I would also change the blocking below the waist rule to prohibit anyone but a lineman (both interior linemen and ends) within the tackle box from blocking below the waist. This would vastly simplify enforcement of that rule for wing officials and umpires.
Our D3 games last 2:40-2:45 on average (no TV or replay) while FBS games last 3:20-3:30. The main difference is TV time outs and replay. Keeping the clock going on first downs in bounds may shorten games by 5 or 10 minutes at most, but the length of the game is not an issue outside of TV games. I wouldn't short the players the opportunity to play.

Offline ilyazhito

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Re: Rules you would change if you could....
« Reply #7 on: July 01, 2018, 06:19:00 AM »
I get that players want to play, and stopping the clock on first downs does extend the game for 5-10 additional minutes. However, why are many white hats insistent on having the box man at the spot quickly, so they can wind the game clock on a first down? It seems contradictory that the rule effectively pauses the game for first downs (other than the NFL), but many white hats want to dispense with the pause as much as possible.

Re: BBW, what do you guys think about my proposed change?

Offline ElvisLives

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Re: Rules you would change if you could....
« Reply #8 on: July 01, 2018, 09:27:14 AM »
...However, why are many white hats insistent on having the box man at the spot quickly, so they can wind the game clock on a first down? It seems contradictory that the rule effectively pauses the game for first downs (other than the NFL), but many white hats want to dispense with the pause as much as possible.

I donít believe it has anything to do with the box or chains, specifically.  It has to do with the fact that, with the advent of the 40-second play clock in 2008, the game was changed dramatically, permitting teams to utilize true hurry-up offenses.  Beginning then, teams had, and have, the right to expect the ball to be spotted and ready for play as effectively and efficiently as possible.  Thatís the reason there is no - or should be no - Ďpause.í  Thatís the reason the CFO directed crews to target ď32Ē on the play clock as the point within the play clock countdown by which the ball should be spotted, and, if all other conditions are met, ready for play.  Yes, that is a Ďtarget,í and mitigating factors may delay that.  But crews that canít hit that target routinely have been known to draw severe criticism from their coordinators.

And thatís when and why chain crews had to become more mobile.  The box man, in particular, needs to be able to hustle - no less than the on-field crews - to get to the succeeding spot before the next snap.  The on-field crew is not expected to wait on the chains.  If the box man wonít be there before the next snap, the crew may want to interrupt the clock(s), set the PC to 25, then restart when the box is set.  But, the only time this should be an issue is when Team A is awarded a new series, and even then, only if there is a huge gain on the previous play.  The teams are expected to provide chain crews that can get the job done.

Robert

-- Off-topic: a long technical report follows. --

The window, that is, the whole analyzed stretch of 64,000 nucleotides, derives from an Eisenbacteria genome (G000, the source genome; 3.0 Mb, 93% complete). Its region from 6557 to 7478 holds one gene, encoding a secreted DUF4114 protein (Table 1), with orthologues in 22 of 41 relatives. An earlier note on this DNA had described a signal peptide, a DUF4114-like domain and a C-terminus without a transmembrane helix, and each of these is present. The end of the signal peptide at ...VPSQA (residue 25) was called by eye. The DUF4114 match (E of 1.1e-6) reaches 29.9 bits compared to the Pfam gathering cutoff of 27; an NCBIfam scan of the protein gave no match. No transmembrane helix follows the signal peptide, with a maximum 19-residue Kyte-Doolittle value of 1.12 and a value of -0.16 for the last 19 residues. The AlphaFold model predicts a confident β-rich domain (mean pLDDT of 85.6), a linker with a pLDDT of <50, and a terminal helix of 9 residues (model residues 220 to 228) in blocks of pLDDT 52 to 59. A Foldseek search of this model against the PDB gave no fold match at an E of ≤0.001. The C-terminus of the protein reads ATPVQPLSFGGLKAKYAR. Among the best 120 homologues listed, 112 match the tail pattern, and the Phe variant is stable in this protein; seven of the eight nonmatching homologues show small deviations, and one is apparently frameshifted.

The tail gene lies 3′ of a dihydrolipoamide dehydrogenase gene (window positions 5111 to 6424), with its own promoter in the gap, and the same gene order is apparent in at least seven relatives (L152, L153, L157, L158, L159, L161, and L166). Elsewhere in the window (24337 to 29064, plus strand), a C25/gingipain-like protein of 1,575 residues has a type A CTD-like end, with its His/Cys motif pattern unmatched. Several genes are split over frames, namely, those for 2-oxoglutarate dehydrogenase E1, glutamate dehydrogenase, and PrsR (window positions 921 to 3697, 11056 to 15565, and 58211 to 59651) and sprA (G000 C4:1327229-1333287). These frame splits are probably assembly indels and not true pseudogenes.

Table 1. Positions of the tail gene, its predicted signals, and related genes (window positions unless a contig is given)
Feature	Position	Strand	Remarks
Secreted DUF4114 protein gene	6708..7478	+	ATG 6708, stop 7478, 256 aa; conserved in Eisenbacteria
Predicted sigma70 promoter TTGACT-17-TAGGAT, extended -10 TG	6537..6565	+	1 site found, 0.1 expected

Offline Magician

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Re: Rules you would change if you could....
« Reply #9 on: July 05, 2018, 01:13:06 AM »
I donít believe it has anything to do with the box or chains, specifically.  It has to do with the fact that, with the advent of the 40-second play clock in 2008, the game was changed dramatically, permitting teams to utilize true hurry-up offenses.  Beginning then, teams had, and have, the right to expect the ball to be spotted and ready for play as effectively and efficiently as possible.  Thatís the reason there is no - or should be no - Ďpause.í  Thatís the reason the CFO directed crews to target ď32Ē on the play clock as the point within the play clock countdown by which the ball should be spotted, and, if all other conditions are met, ready for play.  Yes, that is a Ďtarget,í and mitigating factors may delay that.  But crews that canít hit that target routinely have been known to draw severe criticism from their coordinators.

And thatís when and why chain crews had to become more mobile.  The box man, in particular, needs to be able to hustle - no less than the on-field crews - to get to the succeeding spot before the next snap.  The on-field crew is not expected to wait on the chains.  If the box man wonít be there before the next snap, the crew may want to interrupt the clock(s), set the PC to 25, then restart when the box is set.  But, the only time this should be an issue is when Team A is awarded a new series, and even then, only if there is a huge gain on the previous play.  The teams are expected to provide chain crews that can get the job done.

Robert
The game clock starting and the ball being ready for play after a first down or run OOB are two different things. Most Rs I work with try to windy around 34 or 35 outside of the last couple minutes of each half. The ball is ready for play any time between 28 and 32 95% of the time. The ball isn't ready for play until the U or C step away from the ball. He/she doesn't do that until every official is ready to officiate the play. Even the fastest hurry up offenses rarely snap it above 30.

Offline ElvisLives

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Re: Rules you would change if you could....
« Reply #10 on: July 05, 2018, 10:56:43 AM »